Developing a Theology of Adoption

Somebody needs to do it. A quick look through the catechism and my volumes on post-conciliar documents shows but one reference to adoption. This from John Paul II’s 1981 apostolic exhortation Familiaris Consortio:

It must not be forgotten however that, even when procreation is not possible, conjugal life does not for this reason lose its value. Physical sterility in fact can be for spouses the occasion for other important services to the life of the human person, for example, adoption, various forms of educational work, and assistance to other families and to poor or handicapped children.

Adoption as a passing option for childless couples. I have no quibble with adoption as an option alongside these many other laudable choices from section 14. But they do not deal with the fundamental need of a child to have parents and a permanent stable family. Familiaris Consortio is a fine work detailing many rights and responsibilities within the family and society. It makes a good plea for the needs of poor, ailing, or handicapped children (section 26). But like Church teaching, it fairly ignores the orphan. The Bible is much more explicit in urging the believer to care for the orphan, in spite of the fact that we have many millions more children without parents today than in ancient times.

I have to confess I was surprised to see nothing but this single naive reference in post-conciliar Church teaching.

While many childless couples find joy in adoption as an alternative to biological procreation, some couples are unsuited or unprepared for raising children. They would be better off leaving the mantle of parenthood for others. Also, we are not animals with only biological generativity as our option. Human beings have free will and the intellect to transcend mere biology. We were created for greater things, including perhaps the imitation of the Father in his act of adopting the many believers inspired by his Son.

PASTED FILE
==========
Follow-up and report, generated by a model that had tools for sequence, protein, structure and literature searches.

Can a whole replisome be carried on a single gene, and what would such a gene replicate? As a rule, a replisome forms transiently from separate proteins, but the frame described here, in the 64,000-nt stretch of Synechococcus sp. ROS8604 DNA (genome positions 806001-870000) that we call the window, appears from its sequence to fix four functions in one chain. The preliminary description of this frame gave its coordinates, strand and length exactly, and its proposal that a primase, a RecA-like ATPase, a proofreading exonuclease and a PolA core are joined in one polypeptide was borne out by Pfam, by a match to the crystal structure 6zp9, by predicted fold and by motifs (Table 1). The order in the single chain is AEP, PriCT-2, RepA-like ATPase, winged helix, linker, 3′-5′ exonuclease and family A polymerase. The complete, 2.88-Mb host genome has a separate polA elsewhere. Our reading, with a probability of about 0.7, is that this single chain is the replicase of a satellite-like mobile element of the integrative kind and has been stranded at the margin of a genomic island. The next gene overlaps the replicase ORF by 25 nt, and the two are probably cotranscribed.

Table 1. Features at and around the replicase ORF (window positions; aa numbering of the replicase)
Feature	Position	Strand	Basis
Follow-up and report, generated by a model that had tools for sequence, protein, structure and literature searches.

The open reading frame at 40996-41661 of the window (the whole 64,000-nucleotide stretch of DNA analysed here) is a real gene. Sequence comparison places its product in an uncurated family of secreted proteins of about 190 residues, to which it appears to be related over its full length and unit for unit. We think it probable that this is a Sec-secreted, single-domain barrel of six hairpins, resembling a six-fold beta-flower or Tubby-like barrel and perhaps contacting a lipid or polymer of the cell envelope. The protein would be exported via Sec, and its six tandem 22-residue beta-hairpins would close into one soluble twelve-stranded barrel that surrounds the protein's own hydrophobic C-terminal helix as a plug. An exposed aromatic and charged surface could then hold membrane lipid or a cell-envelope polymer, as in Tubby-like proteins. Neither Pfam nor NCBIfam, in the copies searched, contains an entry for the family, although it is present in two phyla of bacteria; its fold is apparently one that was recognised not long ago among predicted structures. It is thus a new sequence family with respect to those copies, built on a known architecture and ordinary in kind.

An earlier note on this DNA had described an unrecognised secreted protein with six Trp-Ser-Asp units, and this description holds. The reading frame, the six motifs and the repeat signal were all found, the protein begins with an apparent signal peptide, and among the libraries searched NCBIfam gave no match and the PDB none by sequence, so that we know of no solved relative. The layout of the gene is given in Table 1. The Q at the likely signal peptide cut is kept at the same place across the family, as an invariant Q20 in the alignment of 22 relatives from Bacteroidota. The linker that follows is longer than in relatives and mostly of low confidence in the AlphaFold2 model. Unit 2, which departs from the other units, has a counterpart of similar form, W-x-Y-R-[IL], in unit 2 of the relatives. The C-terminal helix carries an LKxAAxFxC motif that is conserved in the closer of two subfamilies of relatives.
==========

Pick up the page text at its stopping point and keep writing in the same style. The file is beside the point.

It would seem that couples who already have children and are raising healthy families are well-equipped to adopt. Yet all too often, adoption is seen as a second-tier choice: something we resort to when another method fails. Totally inconsiderate of the millions of parentless children awaiting fulfillment in their lives.

It would seem married people in the Church could take a greater lead in this regard: promoting adoption, and offering attractive and fruitful alternatives to people in parishes and other faith communities.

It would also seem it’s time for lay people to develop a theology of adoption, and promote it to fill what is lacking in the Catholic tradition. We have a biblical witness to recover. We have divine example. Millions of children are waiting. Let’s get to work on all these fronts.

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About catholicsensibility

Todd and his family live in Ames, Iowa. He serves a Catholic parish of both Iowa State students and town residents.
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2 Responses to Developing a Theology of Adoption

  1. mark diebel says:

    You might want to check out, The Morality of Adoption, edited by Timothy Jackson.

    Includes discussion from both Catholic and Protestant position.

    My bone to pick with the discussion… not enough input from adoptees. Adoption is a socially constructed process and it has many weaknesses… from child, original parent, ap perspectives… the biggest weakness is considering that adoption is a lifelong process for the adoptee… and this gets short shrift.

  2. Jeff Pinyan says:

    It’s mentioned in V2’s Apostolicam Actuositatem n. 11. But… yeah… not a lot…

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